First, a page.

If you have felt distraught these past weeks seeing the reactions to Hamas’ horrific attacks that took 1400 Israeli lives and over 200 hostages, as well as to Israel’s brutal ongoing siege on Gaza that has taken 6000 Palestinian lives—and counting—you are not alone.

We are in a truly bleak moment. It feels like some of the basic values we thought we all agreed on have been shattered. It feels like so many people are defending violence. In this moment, to be Jewish and to be Leftist is to be extraordinarily loving and brave: to find a transformative pathway towards a better world, no matter how dim it appears.

The details coming out about the October 7th attacks are absolutely gutting. The scale of violence we are currently witnessing in Gaza is unimaginable. From our phones, we are watching war crimes carried out in real time—justified, enabled, supported, and denied by world leaders, US politicians, major media outlets, and many in our Jewish community.

This is the impossible task we all have before us right now: to not allow our hearts to harden; to remain steadfast against war and violence; to refuse to turn away from each other's humanity at this time when there is immense pressure to do exactly that. It is not fair that we have to do this while enduring so much loss. It is not fair, but it is necessary.

So where does this leave us? What can we do?

First, one of our jobs is to build support for the following demands: Ceasefire now. Release the hostages. Let in humanitarian aid. End the occupation and apartheid. This is what is necessary to save the lives of Palestinians and Israelis alike.

Explicitly supporting the demands for a ceasefire AND hostage release should not be a brave or lonely stance to take, but it is. There are some who have sought to make the principled anti-war, pro-peace call for a ceasefire into a third rail. We will not let them. We have proudly joined with fellow Jews for Ceasefire, and we urge you to call your congress member and urge them to sign onto Rep. Cori Bush’s #CeasefireNOW resolution. More and more people every day are joining in this call.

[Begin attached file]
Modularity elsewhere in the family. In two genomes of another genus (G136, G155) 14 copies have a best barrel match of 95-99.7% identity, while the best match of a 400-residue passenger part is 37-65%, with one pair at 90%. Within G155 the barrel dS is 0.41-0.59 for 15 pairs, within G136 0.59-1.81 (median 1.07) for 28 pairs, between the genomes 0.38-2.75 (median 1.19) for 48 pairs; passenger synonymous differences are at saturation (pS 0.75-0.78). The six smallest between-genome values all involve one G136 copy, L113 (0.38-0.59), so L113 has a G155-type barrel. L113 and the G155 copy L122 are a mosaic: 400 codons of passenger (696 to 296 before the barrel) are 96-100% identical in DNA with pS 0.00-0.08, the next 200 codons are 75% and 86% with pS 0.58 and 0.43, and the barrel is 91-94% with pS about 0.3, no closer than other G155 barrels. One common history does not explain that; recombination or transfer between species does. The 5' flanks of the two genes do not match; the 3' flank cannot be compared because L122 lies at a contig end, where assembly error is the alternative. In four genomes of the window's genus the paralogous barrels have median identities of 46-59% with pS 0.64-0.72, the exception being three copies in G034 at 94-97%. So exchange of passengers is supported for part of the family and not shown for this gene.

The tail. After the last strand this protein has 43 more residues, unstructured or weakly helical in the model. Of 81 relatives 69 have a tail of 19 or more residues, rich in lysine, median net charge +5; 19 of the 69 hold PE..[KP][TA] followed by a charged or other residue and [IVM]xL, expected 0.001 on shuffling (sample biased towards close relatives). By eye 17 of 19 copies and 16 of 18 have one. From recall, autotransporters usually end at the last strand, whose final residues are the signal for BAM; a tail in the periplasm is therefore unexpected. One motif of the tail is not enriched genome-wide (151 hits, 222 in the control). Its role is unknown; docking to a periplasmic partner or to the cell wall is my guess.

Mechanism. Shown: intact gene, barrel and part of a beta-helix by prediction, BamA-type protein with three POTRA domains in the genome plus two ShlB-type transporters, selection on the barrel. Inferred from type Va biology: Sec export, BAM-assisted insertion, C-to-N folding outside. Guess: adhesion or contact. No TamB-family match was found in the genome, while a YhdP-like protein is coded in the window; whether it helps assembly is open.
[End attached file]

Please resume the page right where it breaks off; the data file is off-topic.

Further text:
Second, if you have been moved by JFREJ’s words and actions these past few weeks, if you have been on the streets with us, found moral clarity with us, are desperately looking for a community where we believe that all human life is truly sacred and that Palestinians and Israelis deserve freedom and safety, we invite you to join us: Become a JFREJ member today.

Finally, for JFREJ members, what is in our immediate control is our city, which is brimming with tension and fear. Last week, 40 JFREJ members got on a Zoom call to brainstorm tangible, local work we can do in this moment. Here’s what we came up with together, and are starting to build on:

  1. Building a Muslim-Jewish safety brigade: JFREJ is working with our friends at Malikah, the Center for Anti-violence Education, and more to build a rapid-response squad of NYC Muslims and Jews who can provide protection and deescalation at anti-war protests, synagogues/mosques, and other emergent threats. Stay tuned for more, and email kelly@jfrej.org if you want to get involved.